(Reuters) – Once a month for the last decade, Pepe Casanas, a 78-year-old Cuban farmer, has hunted down a scorpion to sting himself with, vowing that the venom wards off his rheumatism pains.
His natural remedy is no longer seen as very unusual here. Researchers in Cuba have found that the venom of the blue scorpion, whose scientific name is Rhopalurus junceus, endemic to the Caribbean island, appears to have anti-inflammatory and pain relief properties, and may be able to delay tumor growth in some cancer patients.
While some oncologists abroad say more research is needed to be able to properly back up such a claim, Cuban pharmaceutical firm Labiofam has been using scorpion venom since 2011 to manufacture the homeopathic medicine Vidatox.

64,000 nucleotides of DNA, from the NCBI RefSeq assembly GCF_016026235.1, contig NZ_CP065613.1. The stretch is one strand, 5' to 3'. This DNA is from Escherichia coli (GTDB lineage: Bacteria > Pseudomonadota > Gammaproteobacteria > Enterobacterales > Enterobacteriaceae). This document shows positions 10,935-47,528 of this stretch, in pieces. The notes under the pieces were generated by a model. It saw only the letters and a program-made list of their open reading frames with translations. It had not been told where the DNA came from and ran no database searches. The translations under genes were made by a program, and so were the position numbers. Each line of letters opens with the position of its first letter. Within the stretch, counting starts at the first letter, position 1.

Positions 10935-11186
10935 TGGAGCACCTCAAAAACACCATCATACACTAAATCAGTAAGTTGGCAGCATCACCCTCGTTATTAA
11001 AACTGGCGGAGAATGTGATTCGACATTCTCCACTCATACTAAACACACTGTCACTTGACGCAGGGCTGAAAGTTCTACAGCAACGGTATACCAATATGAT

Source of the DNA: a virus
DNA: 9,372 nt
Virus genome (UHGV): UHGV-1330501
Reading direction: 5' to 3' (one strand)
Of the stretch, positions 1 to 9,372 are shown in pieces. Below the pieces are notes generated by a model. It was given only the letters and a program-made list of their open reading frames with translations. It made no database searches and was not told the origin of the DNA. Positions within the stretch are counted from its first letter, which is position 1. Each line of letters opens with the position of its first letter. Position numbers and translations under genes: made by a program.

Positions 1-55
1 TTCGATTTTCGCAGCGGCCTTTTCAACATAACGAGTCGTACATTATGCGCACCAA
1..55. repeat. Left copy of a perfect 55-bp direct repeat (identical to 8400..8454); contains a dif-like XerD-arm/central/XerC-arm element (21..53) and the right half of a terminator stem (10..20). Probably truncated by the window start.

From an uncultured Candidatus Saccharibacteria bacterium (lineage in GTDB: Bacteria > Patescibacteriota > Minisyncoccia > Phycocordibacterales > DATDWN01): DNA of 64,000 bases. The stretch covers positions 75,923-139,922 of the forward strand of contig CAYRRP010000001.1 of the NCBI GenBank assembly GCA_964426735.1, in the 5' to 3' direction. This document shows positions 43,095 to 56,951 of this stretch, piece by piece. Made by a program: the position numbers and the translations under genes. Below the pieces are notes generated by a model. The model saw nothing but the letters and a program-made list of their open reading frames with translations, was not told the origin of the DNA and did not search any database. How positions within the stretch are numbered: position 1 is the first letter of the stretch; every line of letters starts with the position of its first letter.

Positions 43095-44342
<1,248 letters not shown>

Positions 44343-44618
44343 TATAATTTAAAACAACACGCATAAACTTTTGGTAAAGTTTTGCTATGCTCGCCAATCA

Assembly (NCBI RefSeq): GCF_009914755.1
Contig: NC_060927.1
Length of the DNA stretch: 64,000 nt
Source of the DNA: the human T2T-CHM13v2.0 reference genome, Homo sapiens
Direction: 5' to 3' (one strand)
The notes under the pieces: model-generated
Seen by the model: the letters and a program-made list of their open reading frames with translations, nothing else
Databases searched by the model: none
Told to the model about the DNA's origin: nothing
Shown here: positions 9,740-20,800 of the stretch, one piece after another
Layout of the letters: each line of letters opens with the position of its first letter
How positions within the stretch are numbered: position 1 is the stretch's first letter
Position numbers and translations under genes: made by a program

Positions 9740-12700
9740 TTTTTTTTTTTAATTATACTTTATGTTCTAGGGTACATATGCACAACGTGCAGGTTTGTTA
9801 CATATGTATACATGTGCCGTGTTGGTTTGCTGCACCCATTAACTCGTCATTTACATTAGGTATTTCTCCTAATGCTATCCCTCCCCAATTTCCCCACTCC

The remedy has proven popular. Labiofam Business Director Carlos Alberto Delgado told Reuters sales were climbing 10 percent annually. Vidatox already sells in around 15 countries worldwide and is currently in talks with China to sell the remedy there.
“I put the scorpion where I feel pain,” Casanas said while demonstrating his homemade pain relief with a scorpion that he found under a pile of debris on the patch of land he cultivates in Cuba’s western province of Pinar del Rio.
After squeezing it long enough, it stung him and he winced.
“It hurts for a while, but then it calms and goes and I don’t have any more pain,” he said.
Casanas, a leathery-skinned former tobacco farmer who now primarily grows beans for his own consumption, said he sometimes keeps a scorpion under his straw hat like a lucky charm. It likes the shade and humidity, he says, so just curls up and sleeps.